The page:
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iPhone 14 Pro: Huge new camera sensor, same slow Lightning cable data transfers

As a content creator, you won't love transferring lots of data off this phone when you take ProRAW photos at 48MP and shoot videos at 4K.
Written by Jason Perlow, Senior Contributing Writer

Apple's iPhone 14 Pro has a powerful 48MP camera sensor but the same old Lightning cable connector

Image: Apple

So the iPhone 14 Pro is impressive. Really impressive -- its 48MP sensor on its main camera lens allows the device to capture the biggest and most detailed photos yet on an iPhone device. It can also capture stunning 4K video at 24 or 30 fps in Cinematic mode with optical zoom quality, and has a new "Action" video mode.

And Apple certainly wants you to shoot professional-quality content with the iPhone Pro's camera. In fact, the company made an entire advertising campaign out of it. 

But bigger sensors also mean bigger files. How much bigger? Well, an uncompressed 48MP ProRAW photo will be 75MB in size, and when using ProRes, 4K video will use as much as 6 gigabytes per minute of your iPhone 14 Pro's storage.

For those of us that go photo crazy and want to use the 48MP ProRAW capabilities of the new sensor, that is quite a lot of file space if you shoot a lot of exposures (say 100) during a single photography session or start recording five or 10-minute 4K clips. You'll want to empty your device to your Mac or your PC, or perhaps your iPad, where you can do desktop-style photo edits.

If you have ever had to transfer video from your iPhone to your Mac using a Lightning cable, you probably know just how slow that is. First, the Photos app has to synchronize and index the file listings and thumbnails, which takes a while. Then you have to do an import procedure.

How slow is Lightning? Well, because it is a USB 2.0 technology, rather than a USB 3.2 or 4.0 technology, it has a maximum transfer rate of 480Mbps or roughly 60 megabytes per second (MB/s). 

Editor's note: we had to redo all our math in this section. If you ever want to calculate data transfer rates, try this great calculator by Omni Calculator.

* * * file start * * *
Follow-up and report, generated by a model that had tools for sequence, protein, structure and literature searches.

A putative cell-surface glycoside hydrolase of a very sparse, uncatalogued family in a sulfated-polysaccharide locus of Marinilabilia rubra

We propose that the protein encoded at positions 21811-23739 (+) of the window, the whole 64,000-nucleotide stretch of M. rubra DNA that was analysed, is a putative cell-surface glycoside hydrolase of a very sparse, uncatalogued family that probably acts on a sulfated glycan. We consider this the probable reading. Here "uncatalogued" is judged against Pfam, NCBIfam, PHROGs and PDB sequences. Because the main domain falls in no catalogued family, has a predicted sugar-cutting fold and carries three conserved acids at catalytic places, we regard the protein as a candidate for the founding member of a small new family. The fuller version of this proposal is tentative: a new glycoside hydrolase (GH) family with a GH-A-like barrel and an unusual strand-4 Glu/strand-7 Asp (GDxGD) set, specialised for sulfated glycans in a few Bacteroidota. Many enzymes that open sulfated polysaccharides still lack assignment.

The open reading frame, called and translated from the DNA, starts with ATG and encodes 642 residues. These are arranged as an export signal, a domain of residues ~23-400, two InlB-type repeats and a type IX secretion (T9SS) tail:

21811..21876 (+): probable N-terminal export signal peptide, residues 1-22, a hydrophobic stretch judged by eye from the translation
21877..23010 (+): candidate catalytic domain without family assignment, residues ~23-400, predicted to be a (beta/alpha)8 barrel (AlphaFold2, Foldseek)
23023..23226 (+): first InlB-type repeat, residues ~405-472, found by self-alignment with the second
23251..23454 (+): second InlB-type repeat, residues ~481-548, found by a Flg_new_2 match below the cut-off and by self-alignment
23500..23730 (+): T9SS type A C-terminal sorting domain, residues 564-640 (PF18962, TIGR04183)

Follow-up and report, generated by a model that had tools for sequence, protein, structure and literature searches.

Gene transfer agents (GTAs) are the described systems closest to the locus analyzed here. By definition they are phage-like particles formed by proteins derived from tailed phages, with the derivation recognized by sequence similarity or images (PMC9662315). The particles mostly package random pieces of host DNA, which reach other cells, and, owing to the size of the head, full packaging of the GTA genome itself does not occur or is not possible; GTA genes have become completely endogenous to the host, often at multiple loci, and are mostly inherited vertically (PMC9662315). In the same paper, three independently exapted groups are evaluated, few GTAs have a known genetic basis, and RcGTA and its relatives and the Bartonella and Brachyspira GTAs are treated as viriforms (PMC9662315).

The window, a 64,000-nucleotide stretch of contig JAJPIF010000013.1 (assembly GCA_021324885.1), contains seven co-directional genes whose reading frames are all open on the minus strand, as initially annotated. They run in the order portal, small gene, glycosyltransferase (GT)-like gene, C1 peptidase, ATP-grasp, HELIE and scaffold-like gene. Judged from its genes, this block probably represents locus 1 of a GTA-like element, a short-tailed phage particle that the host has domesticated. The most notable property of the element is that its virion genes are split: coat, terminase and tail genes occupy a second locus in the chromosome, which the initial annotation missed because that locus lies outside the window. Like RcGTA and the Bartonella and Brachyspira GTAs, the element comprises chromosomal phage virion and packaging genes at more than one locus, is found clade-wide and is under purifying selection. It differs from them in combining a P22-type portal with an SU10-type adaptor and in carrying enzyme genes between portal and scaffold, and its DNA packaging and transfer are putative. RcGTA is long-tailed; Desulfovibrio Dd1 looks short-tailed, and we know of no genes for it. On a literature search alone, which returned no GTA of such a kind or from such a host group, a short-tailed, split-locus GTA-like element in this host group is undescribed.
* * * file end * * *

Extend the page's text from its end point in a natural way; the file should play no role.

So that means if you have a hundred 75MB ProRAW photographs (7500 MB) you need to transfer on your iPhone 14 Pro, it might take you upwards of two minutes at 480 megabits per second, assuming optimal transfer rates. Realistically, it will probably be more because of the indexing, because it's not just a simple copy from a mounted filesystem and there will be protocol overhead.

A five-minute 4K ProRes video clip at 6GB per minute will be roughly 30GB. At that rate, it could take you 8 minutes to transfer that much data over a Lightning cable. If you are using the Photos or iMovie database to store them, the indexing could take significantly longer.

We don't have the full specifications on whether or not the iPhone 14 has been upgraded to USB 3 -- some of the latest iPads have USB 3.2 connectivity, but those use USB-C connectors. 

How fast is USB 3.2? The theoretical upper limit for Generation 1 is 4.8Gbps or 600 megabytes per second (MB/s). USB 3.2 Gen 2 is 10Gbps, and USB 3.2 Gen 2x2 is 20Gbps. And USB 4/Thunderbolt 3? 40Gbps or 5000 megabytes per second, an over 80 times increase over USB 2.0 transfer rates. 

(Yeah, we know, it's confusing. Don't ask Ed Bott to tech-edit your post before your first coffee.)

Now, Apple may have upgraded that Lightning connector this year -- nobody has examined an iPhone 14 Pro closely yet. But it's also possible that it hasn't because the European Union will force Apple to use USB-C next year, so Apple could be waiting to make more drastic changes to its chipsets and connectors. Or Apple could decide to ditch cables entirely.

It's certainly possible to AirDrop photos to your Mac. The iPhone 13 Pro Max had a maximum transfer rate over Wi-Fi of about 1200Mbps, using an 80Mhz channel on a 5Ghz band with two spatial streams. That's an improvement over USB 2.0 -- about 2.5 times faster. 

But it's only about a quarter as fast as USB 3.2 Gen 1, let alone a USB 4/Thunderbolt cable. Using Wi-Fi 6, 802.11ax's upper-end maximum data rate is much higher than that, but only on devices with 160Mhz channels using four or more spatial streams. A MacBook Pro can only support two spatial streams like the iPhone, so AirDrop is maxed out at 1200Mbps. 

I'm not expecting the iPhone 14's comms stack to be that much better than its predecessor, even with a homegrown wireless chipset, if in fact, that is what they ended up using this year. 

Remember that while reading from the iPhone's flash memory is very fast, and AirDrop is also fast, you are also constrained by the write speeds of the destination computer you are transferring files to. That's not a problem on content creation-level systems, though; on a high-end MacBook Pro M1 Max, you can get write speeds up to 7.5GB per second on its internal SSD.  

We haven't even come close to saturating that with the USB 2.0 speeds of Lightning at 60MB/s.

But there still aren't good built-in toolsets currently for dragging and dropping bulk photos and videos wirelessly from your iPhone to your Mac (you can't AirDrop to a PC); Apple makes you use iCloud. 

This is not what you want as a professional content creator; you want the fastest direct connection possible. There are 3rd-party tools for this, but they aren't always reliable.

I guess there's always next year.

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